The consequences of surge in covid cases, safety measures and social distancing norms have deeply impacted physical arbitration proceedings before the arbitral tribunals. Otherwise, dispute resolution through arbitration proceedings has been encouraged by the Indian legislature, contesting parties and their respective counsels. The notable amendments in recent years, the arbitration law of India i.e. the Arbitration and Conciliation Act, 1996 stipulates a specific time limit for passing the award by the arbitrator, provides adoption for fast track procedure based on the principle of party autonomy. Such prevailing circumstances and statutory provisions will certainly facilitate the adaptation of virtual hearings of arbitral proceedings in domestic and international arbitration within the jurisdiction of Indian territory. Although, the Indian Arbitration Act is mute on taking up virtual hearings before the arbitral tribunal.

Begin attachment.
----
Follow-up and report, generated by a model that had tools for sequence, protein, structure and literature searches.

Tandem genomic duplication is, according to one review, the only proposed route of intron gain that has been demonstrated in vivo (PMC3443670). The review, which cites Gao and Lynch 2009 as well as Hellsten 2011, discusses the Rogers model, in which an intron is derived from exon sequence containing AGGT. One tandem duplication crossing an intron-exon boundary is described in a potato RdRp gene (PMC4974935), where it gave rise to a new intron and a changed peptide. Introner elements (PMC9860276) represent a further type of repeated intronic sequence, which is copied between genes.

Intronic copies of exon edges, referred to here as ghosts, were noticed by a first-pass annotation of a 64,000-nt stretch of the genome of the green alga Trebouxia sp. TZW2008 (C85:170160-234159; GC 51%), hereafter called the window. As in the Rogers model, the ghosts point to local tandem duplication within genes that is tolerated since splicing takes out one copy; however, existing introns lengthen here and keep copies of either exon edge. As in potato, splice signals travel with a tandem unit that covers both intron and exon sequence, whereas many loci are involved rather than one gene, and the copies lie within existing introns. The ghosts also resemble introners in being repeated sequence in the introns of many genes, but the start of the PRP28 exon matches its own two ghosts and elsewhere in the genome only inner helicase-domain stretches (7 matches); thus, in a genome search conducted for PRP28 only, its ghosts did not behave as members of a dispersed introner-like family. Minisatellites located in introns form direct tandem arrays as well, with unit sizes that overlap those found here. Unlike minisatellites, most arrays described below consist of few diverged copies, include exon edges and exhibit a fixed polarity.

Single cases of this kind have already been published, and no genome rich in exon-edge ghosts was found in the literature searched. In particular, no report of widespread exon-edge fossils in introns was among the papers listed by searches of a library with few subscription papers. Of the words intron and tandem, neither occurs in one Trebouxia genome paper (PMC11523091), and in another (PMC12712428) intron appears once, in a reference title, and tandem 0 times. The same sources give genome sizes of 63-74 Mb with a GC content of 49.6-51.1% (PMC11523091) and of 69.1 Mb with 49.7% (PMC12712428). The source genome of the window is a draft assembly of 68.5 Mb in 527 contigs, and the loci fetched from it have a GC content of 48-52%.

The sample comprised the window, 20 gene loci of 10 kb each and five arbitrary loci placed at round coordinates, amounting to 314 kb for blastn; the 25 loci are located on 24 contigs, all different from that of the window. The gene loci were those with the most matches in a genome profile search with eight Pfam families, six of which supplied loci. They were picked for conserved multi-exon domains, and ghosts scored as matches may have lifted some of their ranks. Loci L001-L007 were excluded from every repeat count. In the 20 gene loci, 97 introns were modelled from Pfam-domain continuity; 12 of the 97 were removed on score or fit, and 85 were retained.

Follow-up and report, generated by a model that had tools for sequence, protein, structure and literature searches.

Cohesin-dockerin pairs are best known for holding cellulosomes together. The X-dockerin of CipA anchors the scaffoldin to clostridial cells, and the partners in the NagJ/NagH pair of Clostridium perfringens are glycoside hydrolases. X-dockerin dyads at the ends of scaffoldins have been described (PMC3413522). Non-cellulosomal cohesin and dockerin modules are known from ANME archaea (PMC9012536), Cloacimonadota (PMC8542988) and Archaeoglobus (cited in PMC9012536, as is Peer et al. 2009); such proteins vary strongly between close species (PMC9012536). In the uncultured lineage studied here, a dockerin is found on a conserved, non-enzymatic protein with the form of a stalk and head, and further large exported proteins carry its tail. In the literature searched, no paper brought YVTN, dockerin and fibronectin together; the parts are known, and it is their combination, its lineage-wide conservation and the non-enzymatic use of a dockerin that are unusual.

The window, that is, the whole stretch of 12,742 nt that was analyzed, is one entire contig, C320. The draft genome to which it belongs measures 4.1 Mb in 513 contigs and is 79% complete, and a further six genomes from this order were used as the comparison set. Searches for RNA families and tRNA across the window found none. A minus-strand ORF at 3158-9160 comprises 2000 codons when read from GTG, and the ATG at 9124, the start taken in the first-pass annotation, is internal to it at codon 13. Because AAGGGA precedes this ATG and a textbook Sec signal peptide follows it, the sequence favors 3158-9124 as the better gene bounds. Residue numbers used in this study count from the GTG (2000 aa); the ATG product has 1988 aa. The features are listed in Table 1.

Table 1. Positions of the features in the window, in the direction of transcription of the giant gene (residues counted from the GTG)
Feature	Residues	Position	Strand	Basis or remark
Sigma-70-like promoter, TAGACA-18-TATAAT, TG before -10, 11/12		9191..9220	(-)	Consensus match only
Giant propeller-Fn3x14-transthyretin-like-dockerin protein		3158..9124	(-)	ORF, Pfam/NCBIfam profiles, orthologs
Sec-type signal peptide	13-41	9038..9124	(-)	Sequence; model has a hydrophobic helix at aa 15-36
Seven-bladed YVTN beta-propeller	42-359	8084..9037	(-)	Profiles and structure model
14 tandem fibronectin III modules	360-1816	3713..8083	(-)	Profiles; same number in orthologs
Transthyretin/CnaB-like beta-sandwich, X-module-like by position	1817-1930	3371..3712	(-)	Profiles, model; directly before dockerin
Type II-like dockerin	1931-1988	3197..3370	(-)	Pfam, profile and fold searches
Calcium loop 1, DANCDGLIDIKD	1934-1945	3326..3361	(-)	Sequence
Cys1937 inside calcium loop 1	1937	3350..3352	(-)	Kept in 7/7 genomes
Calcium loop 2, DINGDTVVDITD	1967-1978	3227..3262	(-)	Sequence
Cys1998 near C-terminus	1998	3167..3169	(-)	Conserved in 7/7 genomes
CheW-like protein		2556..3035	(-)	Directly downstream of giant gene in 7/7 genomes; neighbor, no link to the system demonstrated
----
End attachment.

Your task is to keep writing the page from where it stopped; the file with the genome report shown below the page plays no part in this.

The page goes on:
GLOBAL PERSPECTIVE:

Whereas, many international arbitration centres such as the International Chamber of Commerce (ICC), Singapore International Arbitration Centre (SIAC), London Court of International Arbitration (LCIA) and many more to the growing demand and on account of Covid-19 crises have set out the requisite guidelines for hearing arbitral proceedings by the use of video conferencing to expedite and effectively deliver dispute resolution mechanism. As per 2021 International Arbitration Survey, titled ‘Adapting arbitration to a changing world,’ it appears to look at how international arbitration has changed to meet adapting needs and situations, inclusive of virtual hearings. Besides, according to the arbitration community, 79 percent of respondents would prefer to ‘proceed at the scheduled time as a virtual hearing' if a hearing could no longer be performed in person and 61 percent of respondents said they choose virtual hearings over in-person hearings because it saves them time and money. All of this is done to guarantee that future procedures are not only as simple as feasible for the parties involved but also more transparent and accountable than ever before, owing to the use of technology.